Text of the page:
Date of Award

Fall 2013

Document Type


Degree Name

Doctor of Philosophy (PhD)


Electrical and Computer Engineering

First Advisor

Josse, Fabien J.

Second Advisor

Heinrich, Stephen M.

Third Advisor

Nigro, Nicholas J.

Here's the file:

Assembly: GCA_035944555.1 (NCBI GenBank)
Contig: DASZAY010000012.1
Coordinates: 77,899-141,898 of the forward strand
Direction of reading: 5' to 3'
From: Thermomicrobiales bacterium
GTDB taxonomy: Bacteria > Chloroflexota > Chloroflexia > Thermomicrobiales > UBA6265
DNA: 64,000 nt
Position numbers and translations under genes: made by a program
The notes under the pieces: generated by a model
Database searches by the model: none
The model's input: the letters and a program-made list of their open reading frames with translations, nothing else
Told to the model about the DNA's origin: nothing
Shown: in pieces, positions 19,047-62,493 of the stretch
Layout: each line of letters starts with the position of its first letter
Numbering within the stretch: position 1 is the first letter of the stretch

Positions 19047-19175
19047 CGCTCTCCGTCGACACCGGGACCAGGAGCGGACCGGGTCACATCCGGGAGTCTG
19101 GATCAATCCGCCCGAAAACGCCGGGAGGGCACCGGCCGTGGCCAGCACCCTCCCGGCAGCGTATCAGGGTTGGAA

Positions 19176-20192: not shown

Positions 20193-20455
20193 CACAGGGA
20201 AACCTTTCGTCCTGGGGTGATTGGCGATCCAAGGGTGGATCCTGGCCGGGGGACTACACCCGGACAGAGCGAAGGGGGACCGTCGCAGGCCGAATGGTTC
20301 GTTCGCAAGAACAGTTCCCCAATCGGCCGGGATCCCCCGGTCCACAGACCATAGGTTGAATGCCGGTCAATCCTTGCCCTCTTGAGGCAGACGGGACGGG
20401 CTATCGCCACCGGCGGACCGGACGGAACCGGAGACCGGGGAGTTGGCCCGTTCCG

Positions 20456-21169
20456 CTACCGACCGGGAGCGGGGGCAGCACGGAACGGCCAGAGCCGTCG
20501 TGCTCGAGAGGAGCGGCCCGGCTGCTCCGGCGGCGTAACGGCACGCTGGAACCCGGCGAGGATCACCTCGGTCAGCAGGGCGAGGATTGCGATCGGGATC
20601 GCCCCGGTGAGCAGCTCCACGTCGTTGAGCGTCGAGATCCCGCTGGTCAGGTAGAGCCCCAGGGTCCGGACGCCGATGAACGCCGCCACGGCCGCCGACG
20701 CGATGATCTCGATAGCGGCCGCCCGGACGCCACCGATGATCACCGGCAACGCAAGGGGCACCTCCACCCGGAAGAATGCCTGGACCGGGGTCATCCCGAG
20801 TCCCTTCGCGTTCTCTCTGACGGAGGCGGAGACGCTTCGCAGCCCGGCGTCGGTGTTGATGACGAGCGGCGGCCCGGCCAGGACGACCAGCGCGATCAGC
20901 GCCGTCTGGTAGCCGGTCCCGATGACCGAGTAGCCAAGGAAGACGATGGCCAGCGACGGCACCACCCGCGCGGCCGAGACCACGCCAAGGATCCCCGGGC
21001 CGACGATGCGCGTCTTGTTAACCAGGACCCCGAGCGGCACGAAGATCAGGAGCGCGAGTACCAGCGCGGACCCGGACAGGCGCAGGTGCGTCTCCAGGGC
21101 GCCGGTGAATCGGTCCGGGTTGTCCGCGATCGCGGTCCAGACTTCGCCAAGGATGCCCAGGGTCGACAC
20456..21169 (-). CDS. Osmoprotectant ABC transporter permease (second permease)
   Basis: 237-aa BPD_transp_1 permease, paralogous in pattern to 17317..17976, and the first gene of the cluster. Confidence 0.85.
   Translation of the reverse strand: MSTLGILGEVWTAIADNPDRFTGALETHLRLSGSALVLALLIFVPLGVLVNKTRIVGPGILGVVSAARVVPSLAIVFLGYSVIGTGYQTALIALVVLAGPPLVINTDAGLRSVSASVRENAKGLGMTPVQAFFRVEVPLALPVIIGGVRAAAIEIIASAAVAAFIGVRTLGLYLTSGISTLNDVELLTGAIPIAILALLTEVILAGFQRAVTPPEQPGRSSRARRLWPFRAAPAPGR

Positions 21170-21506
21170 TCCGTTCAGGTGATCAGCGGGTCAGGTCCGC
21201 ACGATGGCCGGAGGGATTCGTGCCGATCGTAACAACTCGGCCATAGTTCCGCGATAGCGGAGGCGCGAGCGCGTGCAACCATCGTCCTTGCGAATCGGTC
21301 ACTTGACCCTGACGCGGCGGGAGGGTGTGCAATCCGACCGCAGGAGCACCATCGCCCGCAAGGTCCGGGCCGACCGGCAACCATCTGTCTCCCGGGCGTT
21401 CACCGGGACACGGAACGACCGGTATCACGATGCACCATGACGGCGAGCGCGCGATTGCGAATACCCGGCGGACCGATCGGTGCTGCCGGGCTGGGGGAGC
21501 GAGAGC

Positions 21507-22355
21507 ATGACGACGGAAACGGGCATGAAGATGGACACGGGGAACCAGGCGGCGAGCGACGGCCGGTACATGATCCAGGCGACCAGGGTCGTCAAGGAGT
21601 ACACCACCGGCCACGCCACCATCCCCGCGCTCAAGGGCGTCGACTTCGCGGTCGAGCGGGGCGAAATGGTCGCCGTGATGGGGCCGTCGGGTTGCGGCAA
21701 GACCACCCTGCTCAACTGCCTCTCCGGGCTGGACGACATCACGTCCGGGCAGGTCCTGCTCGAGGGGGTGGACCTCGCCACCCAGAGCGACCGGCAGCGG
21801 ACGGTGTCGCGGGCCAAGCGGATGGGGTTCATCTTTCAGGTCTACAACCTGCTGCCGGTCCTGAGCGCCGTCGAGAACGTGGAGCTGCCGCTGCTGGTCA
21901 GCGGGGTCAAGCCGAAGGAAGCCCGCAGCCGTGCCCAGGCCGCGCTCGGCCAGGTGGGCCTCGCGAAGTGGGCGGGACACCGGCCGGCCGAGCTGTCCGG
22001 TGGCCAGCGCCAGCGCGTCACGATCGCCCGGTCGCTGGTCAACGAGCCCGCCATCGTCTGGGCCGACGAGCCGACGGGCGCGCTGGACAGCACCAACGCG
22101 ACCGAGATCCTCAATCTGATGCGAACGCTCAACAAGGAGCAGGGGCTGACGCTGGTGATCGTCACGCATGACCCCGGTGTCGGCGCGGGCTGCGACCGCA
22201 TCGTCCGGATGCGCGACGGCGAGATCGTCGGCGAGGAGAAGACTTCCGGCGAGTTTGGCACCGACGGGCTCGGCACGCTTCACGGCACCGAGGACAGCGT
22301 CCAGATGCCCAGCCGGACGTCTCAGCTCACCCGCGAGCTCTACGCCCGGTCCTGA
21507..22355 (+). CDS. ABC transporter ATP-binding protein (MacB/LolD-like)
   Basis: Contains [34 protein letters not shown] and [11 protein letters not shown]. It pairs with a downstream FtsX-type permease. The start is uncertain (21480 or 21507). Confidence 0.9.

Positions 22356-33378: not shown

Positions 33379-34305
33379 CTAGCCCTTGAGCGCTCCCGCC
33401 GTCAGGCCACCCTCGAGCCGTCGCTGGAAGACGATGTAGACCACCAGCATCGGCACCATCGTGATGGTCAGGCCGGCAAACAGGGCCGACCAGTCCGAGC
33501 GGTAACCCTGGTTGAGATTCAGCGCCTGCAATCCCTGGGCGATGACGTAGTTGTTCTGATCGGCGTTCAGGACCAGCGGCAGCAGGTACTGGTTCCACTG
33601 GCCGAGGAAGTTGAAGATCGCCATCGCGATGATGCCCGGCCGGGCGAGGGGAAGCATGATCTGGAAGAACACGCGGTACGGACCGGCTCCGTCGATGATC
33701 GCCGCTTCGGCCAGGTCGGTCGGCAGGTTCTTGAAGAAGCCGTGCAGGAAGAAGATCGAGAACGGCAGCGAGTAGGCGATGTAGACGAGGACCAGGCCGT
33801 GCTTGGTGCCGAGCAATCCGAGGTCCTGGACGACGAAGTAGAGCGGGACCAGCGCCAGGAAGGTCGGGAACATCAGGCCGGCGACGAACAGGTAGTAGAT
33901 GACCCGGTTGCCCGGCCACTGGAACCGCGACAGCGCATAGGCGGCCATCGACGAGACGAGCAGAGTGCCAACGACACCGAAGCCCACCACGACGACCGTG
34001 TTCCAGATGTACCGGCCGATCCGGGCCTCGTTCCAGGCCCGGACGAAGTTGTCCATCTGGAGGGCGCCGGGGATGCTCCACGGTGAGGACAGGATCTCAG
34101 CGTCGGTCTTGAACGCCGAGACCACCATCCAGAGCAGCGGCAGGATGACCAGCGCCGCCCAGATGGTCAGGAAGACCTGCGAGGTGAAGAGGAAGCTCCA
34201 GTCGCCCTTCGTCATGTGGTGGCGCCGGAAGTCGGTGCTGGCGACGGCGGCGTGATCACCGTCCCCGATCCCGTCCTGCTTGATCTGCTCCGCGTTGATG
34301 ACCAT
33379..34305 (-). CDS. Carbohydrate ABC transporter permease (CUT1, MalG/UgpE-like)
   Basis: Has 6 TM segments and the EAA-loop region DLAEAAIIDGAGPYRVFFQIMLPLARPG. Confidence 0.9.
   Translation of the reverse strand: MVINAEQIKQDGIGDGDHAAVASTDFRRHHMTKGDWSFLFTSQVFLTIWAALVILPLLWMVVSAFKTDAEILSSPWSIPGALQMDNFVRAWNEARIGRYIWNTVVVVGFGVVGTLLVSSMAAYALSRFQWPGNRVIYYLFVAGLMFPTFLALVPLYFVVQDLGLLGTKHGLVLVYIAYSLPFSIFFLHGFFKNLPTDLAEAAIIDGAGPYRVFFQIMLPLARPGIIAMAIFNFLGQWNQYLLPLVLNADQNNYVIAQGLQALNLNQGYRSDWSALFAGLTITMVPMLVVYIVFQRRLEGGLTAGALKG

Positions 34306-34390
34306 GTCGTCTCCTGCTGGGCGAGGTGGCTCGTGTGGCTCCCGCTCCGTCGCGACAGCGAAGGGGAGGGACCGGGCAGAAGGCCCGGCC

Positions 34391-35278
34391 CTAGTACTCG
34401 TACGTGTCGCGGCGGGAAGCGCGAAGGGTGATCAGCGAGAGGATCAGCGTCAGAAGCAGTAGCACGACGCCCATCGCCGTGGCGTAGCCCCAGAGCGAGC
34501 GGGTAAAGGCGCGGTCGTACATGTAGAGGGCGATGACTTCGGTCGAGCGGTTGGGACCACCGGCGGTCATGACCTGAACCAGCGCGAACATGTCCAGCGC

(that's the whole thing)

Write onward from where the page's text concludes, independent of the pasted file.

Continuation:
Dynamically driven prismatic microcantilevers excited in the in-plane flexural mode have been investigated and used in liquid-phase sensing applications. However, the performance is restricted due to their limited surface sensing area and higher stiffness in shorter and wider prismatic microcantilevers. To increase the surface sensing area, and further improve sensing characteristics, it has been proposed to investigate symmetric hammerhead microcantilevers vibrating laterally in viscous liquid media. In this work, a theoretical model is proposed and the characteristics of the microcantilevers with symmetric shaped hammerheads (isosceles trapezoid, semi-circle, uniform rectangle and composite rectangle) are investigated. In the analysis, the stem of the structure is modeled as an Euler-Bernoulli beam while the head is modeled as a rigid body. Since the arbitrary, symmetric head has a varying width, 2b2(x), in the length direction, a new semi-analytical expression for the hydrodynamic function in terms of the Reynolds number, Re(x), and aspect ratio, h/[2b2(x)] is obtained and the resonance frequency, quality factor and mass sensitivity are investigated as a function of both the hammerhead microcantilever geometry and liquid media properties. For the investigated geometries, the results show that, for a hammerhead microcantilever with a fixed head area, as the mass center of the head moves towards the support end of the stem, the resulting resonance frequency and mass sensitivity will first increase and then decrease, because the total kinetic energy will first decrease and then increase. The quality factor will keep increasing, due to a more rapid decrease in the energy dissipation. It is also found that, hammerhead microcantilevers with wider heads tend to have higher quality factors. For instance, the highest quality factors are found for the hammerhead microcantilevers with the isosceles trapezoid-shaped, uniform rectangular and composite rectangular head as 140, 72 and 129, respectively, due to the possible shift of the mass center of the head towards the support end of the stem. Such trends can be used to optimize sensor device geometry and frequency stability. By further increasing the surface sensing area (additional mass), the resonance frequency and the mass sensitivity will significantly decrease. Such trade-offs must be considered when designing the geometry of the hammerhead microcantilever devices. For appropriately designed hammerhead microcantilevers, the improvement in the sensing area and quality factor are expected to yield much lower limits of detection in (bio) chemical sensing applications.